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A friend’s daughter went on a pilgrimage in Spain. The magnitude of this walk cannot be minimized. The traditional route is 500 miles long! For those of you who, like me, have trouble visualizing distances, that would be like me walking from Philadelphia where I live to Durham, NC where I went to school (a drive that takes 8 hours on a good day) and then continuing on another hundred miles almost to Charlotte. In short, it’s a very long walk.
As he told me a little about her journey, my heart skipped a beat. The thought of a young woman dedicating weeks to literally walk deeper into her faith is simply inspiring. Perhaps with a few stars in my eyes, I asked if she loved the experience. His response has been rattling around in my head ever since.
“I don’t think you really love a pilgrimage as much as get through it. For my daughter, it was about learning to take care of her blisters along the way rather than toughing it out until they become a serious issue.”
There is so much wisdom in his words. I suspect, at one time or another, we’ve all tried to tough out a little problem only to wind up with a big one.
This actually seems to be a bit of an epidemic in my house. My daughter ignored a nagging pain in her back for so long that she wound up spending most of her sophomore year crew season in physical therapy rather than in the boat with her team. My husband didn’t pay attention to a vague pain that he felt in the gym only to wake up one morning with a frightening numbness down one arm. I spent months noticing an inexplicable weakness in one shoulder during my yoga practice. Rather than having it checked out, I toughed it out – literally muscling my way through my practice. In doing so, I created an imbalance that finally rendered my sun salutations impossible. It took further months of acupuncture, body work and modified practice for it to heal.
The desire to “tough it out” is a natural one. None of us want to be a complainer. None of us wants to seem like a wimp. We want to be seen as strong, brave, issue-free. But, let’s get real, we all have problems. We all get a wrinkle in our sock sometimes.
The question my friend’s story raises in me is when did it become weak or embarrassing to pause to take care of ourselves? When did self-care go from being wise to being wimpy?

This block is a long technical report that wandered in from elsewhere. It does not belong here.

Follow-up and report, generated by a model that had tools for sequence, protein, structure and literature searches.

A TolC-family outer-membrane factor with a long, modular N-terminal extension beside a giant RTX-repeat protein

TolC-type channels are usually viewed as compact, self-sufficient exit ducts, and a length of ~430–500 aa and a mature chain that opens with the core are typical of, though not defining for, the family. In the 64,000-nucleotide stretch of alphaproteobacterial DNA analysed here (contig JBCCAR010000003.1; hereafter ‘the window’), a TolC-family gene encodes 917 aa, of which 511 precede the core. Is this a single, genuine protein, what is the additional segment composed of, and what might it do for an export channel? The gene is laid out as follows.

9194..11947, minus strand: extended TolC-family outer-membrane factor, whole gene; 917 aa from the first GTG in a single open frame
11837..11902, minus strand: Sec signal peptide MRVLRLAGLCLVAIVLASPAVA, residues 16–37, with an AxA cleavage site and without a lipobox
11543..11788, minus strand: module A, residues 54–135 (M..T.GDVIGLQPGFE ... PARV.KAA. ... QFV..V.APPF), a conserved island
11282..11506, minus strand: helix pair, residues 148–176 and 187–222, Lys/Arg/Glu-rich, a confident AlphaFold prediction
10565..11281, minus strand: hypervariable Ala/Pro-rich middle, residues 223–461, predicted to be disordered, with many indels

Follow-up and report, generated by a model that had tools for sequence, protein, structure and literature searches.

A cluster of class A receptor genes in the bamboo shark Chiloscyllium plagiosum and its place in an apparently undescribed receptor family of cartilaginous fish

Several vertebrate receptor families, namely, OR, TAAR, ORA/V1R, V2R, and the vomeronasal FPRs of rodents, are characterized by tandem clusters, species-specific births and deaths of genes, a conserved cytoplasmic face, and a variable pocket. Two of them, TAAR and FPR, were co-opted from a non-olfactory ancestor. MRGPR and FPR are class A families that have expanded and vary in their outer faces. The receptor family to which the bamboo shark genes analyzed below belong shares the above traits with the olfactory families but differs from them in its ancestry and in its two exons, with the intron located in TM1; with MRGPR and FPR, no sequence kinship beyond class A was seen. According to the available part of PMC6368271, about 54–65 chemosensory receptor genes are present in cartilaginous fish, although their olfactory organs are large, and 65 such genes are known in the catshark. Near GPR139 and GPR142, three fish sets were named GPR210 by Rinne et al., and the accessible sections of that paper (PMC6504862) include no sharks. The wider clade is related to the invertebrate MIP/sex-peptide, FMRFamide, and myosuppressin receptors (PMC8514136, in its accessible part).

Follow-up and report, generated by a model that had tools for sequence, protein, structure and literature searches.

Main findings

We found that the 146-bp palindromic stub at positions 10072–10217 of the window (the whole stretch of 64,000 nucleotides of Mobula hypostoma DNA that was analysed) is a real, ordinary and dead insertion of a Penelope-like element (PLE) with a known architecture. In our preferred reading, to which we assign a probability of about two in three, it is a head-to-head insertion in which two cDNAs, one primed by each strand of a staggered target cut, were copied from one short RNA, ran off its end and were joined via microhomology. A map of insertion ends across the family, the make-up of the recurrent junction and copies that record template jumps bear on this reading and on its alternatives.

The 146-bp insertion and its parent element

Practicing yoga is a way to care for ourselves inside and out. We tend to think first about the body when we talk about a yoga practice, and yoga is very good for the body. It makes us stronger. It keeps our joints moving more freely. It can help us stay lean and fit. But, as you saw in my little story above, giving priority to the physical gifts of yoga can trip us up.
Yoga teaches us a great deal beyond how to stand on one foot or touch our toes. It creates awareness. It develops focus. It demands acceptance and surrender to what is. It is stubborn and exacting in its ability to teach us to stop trying to control our reality. When we start to really receive and embrace these lessons, its physical gifts seem incidental. Yet, even when we know that (or at least even when I know that), we can lose our way. We can grip down so hard on our need to do the physical practice that, instead of caring for ourselves, we wind up hurting ourselves.
Let’s return to my example. The awareness that I developed on my yoga mat did a great job revealing that something was amiss in my body. But it was vague and a little confusing. Rather than exploring it or even seeking help, I decided my practice was more important than its gifts. I was so hell-bent on doing my daily practice that I lost sight of the fact that it is meant to heal me, to restore balance and to create a comfort in my body that allows me to live life with an open heart and a smile on my face.
But yoga was having none of that nonsense. In the end, my physical practice fell apart because of my misplaced priorities. Taking care of myself – the whole point of the practice – finally became urgent when I could no longer move around on my mat. As I began the journey back to wellness, I also began the journey of understanding (again and anew) the real depth of this practice.
I suspect my discovery was much like the one my friend’s daughter had as she walked her pilgrimage. If she didn’t have the wisdom and strength to stop and spend a few minutes caring for her feet while her blisters were small, she could jeopardize her long walk into her faith. Slowing down for a little while is sometimes a necessary part of the journey. Maybe she, like I did, learned this the hard way by prioritizing one day’s distance over the experience of the pilgrimage as a whole.
I pray that she, like I do, now knows beyond a shadow of a doubt that taking care of herself is not wimpy or weak. It leaves us ready and able for the long haul.